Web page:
What is ADHD?

Attention Deficit Hyperactivity Disorder is a neurodevelopmental condition that affects attention, self-control, and executive function (planning and completing tasks). Kids with ADHD usually cannot keep still, are inattentive and have trouble doing homework or other activities. 

What causes ADHD?

The cause of ADHD is unknown. But brain scans of individuals affected by ADHD show differences in brain structure and activity.

Based on a 2017 study, certain parts of the brain including the amygdala, accumbens, and hippocampus are smaller in children with ADHD than those of typical children. These parts of the brain are associated with emotional regulation, reward processing, motivation, and memory formation and consolidation.

Another study showed that the frontal cortex part of the brain of children with ADHD matures a few years later compared to neurotypical children although they eventually develop normally. The frontal cortex is also related to the ability for self-control, focus, reward, and remembering things. 

Aside from the difference in brain structure, individuals with ADHD also have differences in the biochemistry of the brain. Individuals with ADHD seem to have lower levels of dopamine, one of the many chemicals in the brain called neurotransmitters that relay messages between brain cells. Dopamine plays a role in reward-motivated behaviour.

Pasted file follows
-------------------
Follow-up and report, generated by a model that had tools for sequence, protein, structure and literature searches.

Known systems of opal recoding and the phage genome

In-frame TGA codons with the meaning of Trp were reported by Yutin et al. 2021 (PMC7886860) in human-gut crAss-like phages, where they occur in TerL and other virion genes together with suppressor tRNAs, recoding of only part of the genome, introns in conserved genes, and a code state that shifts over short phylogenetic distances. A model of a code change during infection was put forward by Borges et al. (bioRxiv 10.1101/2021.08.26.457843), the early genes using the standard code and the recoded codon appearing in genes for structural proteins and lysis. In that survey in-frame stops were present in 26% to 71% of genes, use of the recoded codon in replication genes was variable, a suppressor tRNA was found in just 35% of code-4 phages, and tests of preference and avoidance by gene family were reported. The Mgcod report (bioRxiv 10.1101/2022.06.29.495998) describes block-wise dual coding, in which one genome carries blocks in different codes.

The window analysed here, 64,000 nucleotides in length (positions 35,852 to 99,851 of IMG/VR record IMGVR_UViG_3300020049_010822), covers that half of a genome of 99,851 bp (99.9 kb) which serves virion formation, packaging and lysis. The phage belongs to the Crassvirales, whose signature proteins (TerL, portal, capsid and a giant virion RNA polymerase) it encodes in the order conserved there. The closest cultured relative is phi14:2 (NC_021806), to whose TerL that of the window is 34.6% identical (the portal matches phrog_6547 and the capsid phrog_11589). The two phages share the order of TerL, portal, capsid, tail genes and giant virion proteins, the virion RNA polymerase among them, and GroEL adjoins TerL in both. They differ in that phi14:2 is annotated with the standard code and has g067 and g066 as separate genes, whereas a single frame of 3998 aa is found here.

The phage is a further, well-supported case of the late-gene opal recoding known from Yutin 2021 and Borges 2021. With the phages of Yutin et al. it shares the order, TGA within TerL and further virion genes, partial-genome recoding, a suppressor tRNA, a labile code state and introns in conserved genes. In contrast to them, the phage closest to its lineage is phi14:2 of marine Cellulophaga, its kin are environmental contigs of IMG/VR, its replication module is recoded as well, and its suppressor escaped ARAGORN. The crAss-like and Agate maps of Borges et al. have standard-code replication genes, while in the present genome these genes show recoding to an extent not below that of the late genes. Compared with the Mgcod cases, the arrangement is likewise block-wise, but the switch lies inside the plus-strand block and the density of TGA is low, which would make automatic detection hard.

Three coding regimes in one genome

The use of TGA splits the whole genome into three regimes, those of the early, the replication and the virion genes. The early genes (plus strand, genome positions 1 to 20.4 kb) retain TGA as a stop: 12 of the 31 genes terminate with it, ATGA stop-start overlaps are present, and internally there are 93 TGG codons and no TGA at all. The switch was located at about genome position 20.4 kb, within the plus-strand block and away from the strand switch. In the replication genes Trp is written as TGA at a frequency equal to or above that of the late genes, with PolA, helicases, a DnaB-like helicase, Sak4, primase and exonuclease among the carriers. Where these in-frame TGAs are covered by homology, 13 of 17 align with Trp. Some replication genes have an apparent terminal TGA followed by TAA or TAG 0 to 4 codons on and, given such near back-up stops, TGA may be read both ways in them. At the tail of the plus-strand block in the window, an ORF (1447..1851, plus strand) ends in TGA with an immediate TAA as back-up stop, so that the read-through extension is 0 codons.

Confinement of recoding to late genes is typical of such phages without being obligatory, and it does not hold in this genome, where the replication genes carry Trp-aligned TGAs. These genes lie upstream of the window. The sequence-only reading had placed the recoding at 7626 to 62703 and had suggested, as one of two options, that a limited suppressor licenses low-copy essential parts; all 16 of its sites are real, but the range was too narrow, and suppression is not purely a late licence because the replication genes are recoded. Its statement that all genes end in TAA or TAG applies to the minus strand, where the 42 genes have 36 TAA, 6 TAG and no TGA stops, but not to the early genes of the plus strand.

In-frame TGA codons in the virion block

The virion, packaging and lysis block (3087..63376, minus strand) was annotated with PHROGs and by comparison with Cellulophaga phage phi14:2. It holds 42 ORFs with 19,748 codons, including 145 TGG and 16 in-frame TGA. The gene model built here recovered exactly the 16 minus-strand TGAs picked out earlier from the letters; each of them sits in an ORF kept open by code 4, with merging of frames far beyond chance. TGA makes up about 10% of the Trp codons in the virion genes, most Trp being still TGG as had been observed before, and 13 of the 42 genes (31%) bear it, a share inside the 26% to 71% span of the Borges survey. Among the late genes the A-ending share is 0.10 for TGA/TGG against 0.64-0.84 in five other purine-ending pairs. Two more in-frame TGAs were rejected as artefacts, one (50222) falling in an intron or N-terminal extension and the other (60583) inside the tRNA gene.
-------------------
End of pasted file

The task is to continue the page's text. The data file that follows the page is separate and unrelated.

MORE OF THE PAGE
These and many other studies on ADHD prove that it is a real condition and not a result of bad parenting, eating too much sugar, laziness, or lack of willpower as others may believe. 

Most experts agree that genetics play a role in the development of ADHD. This condition tends to run in families. 

How is ADHD Diagnosed?

Kids, in general, are physically active. They like running around, climbing, jumping and so on. They sometimes do things without thinking. Sometimes, they may also have a hard time finishing tasks or following directions. So when is it ADHD and when are kids just being kids?

There is no single test to determine whether someone has ADHD. Brain imaging is not yet used to diagnose ADHD and is mostly done for research purposes although this may change in the future.

A psychologist or a developmental pediatrician will evaluate the child based on the presence of symptoms. To be officially diagnosed with ADHD, the following criteria must be met.

  • Several symptoms present in childhood (before 12 years old) 

Kids 16 and under must have at least six or more symptoms of inattention or six or more symptoms of hyperactivity-impulsivity. 

  • Symptoms must be present in multiple settings (home, school, social settings, etc)

If a child behaves differently in different settings, it is worth looking if other factors cause the child to act that way. 

  • Symptoms interfere with or reduce daily functioning
  • Symptoms are not better explained by other mental health or medical conditions